The number of reported cases during 1957–2015 in individual decades fluctuated irregularly, partly depending on whether comprehensive research reports of numerous human cases or only individual case reports were published in a given decade (Technical Appendix Table 1). The number of human infections increased most considerably during 1981–1990. In the 21st century, the number of reported cases declined conspicuously, but this may be related to an inexplicable gap in reporting diphyllobothriosis in Latin America after 1990 rather than to an actual decline of human infections. Diphyllobothriosis is not considered to represent a serious health problem in Peru, especially when its effect on human health is compared to that caused by cysticercosis, which is widely distributed in that country.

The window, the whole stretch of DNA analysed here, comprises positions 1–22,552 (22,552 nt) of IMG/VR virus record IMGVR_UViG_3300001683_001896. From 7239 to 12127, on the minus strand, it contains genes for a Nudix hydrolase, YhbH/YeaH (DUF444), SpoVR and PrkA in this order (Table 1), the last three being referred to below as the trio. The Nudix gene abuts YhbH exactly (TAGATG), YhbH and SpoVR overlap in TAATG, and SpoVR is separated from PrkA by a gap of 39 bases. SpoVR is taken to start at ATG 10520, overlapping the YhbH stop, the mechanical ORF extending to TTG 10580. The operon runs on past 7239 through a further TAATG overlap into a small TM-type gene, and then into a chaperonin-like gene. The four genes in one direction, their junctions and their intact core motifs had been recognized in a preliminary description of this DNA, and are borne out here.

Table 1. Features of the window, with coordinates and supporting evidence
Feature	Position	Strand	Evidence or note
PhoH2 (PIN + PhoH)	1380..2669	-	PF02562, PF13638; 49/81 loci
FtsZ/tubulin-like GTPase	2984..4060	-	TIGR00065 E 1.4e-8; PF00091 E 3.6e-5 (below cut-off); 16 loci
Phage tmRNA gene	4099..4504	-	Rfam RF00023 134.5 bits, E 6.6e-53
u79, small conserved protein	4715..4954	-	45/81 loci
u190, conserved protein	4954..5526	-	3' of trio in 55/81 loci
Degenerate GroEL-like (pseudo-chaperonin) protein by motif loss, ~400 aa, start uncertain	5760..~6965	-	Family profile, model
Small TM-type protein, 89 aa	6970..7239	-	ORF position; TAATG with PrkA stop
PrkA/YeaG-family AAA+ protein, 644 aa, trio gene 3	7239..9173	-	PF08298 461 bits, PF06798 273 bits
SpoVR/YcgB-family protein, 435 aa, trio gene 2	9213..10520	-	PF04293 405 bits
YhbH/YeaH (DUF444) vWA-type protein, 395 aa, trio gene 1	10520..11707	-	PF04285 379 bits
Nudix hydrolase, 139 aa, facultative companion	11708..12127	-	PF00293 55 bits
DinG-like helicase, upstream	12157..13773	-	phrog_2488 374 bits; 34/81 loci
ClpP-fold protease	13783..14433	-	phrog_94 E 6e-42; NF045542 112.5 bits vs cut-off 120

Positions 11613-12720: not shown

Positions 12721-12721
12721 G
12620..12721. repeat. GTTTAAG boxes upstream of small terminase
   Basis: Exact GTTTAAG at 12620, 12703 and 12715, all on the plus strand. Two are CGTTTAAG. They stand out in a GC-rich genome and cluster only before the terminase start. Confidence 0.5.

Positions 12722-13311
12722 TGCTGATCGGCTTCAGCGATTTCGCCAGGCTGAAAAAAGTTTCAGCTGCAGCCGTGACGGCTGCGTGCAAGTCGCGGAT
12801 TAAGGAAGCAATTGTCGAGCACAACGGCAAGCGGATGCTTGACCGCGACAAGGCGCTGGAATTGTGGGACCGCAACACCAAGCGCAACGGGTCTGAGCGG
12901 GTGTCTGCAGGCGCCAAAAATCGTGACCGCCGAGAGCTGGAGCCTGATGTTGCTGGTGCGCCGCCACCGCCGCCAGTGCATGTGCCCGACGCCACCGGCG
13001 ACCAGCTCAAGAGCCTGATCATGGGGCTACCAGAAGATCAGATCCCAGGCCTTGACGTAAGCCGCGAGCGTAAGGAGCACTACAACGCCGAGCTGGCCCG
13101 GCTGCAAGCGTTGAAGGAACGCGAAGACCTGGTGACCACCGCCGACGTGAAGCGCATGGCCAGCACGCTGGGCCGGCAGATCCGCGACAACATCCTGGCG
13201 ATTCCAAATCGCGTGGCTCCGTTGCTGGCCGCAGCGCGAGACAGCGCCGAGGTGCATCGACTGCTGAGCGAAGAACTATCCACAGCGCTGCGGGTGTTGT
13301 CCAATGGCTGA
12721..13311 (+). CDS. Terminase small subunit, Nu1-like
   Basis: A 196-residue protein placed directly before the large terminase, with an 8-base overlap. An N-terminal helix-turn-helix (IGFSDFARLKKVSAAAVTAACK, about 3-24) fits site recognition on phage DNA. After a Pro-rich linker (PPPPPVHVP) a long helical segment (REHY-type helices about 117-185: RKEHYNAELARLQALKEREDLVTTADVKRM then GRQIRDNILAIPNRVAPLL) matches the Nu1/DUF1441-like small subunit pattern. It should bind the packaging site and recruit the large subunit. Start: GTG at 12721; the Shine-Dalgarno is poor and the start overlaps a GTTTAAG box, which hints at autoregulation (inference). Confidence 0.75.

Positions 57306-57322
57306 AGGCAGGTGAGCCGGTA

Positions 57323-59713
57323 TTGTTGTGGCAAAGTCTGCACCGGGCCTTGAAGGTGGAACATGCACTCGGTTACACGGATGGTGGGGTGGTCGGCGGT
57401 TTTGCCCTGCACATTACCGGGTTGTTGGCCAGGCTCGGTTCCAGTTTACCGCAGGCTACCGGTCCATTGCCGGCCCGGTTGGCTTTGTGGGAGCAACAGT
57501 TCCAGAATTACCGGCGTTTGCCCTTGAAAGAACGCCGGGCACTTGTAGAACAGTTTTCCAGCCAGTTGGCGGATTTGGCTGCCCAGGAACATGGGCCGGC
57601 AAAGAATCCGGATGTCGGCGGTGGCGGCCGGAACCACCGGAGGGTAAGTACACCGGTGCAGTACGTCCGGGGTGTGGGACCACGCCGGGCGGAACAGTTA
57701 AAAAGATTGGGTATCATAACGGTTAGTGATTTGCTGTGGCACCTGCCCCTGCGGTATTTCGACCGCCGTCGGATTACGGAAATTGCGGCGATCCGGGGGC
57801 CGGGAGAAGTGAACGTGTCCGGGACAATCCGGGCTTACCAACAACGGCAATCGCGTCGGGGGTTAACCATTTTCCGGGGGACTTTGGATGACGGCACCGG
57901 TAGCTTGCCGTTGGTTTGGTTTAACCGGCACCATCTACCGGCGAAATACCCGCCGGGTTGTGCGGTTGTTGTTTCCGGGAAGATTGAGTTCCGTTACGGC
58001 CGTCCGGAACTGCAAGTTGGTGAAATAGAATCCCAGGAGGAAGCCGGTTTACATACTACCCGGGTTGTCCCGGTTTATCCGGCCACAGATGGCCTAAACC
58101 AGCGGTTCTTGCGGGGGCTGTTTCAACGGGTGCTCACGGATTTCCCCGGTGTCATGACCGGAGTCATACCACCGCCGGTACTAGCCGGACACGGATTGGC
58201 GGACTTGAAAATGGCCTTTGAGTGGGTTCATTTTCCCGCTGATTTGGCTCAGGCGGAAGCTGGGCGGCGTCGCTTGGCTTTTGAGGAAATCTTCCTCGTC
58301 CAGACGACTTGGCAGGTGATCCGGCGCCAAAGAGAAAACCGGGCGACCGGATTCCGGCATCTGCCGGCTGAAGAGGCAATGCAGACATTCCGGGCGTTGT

Distribution of Cases among Humans

A. pacificus tapeworms are the most widely distributed endoparasitic helminth of seals, and infections occur in temperate areas of the North and South Pacific regions and in some southern temperate zones of the Atlantic and Indian oceans (1) (Technical Appendix Table 1). In contrast, human infections have been reported almost exclusively from the Pacific coast of South America, mainly from Peru and, in a relatively few records, from Chile and Ecuador (Figure 1).

South America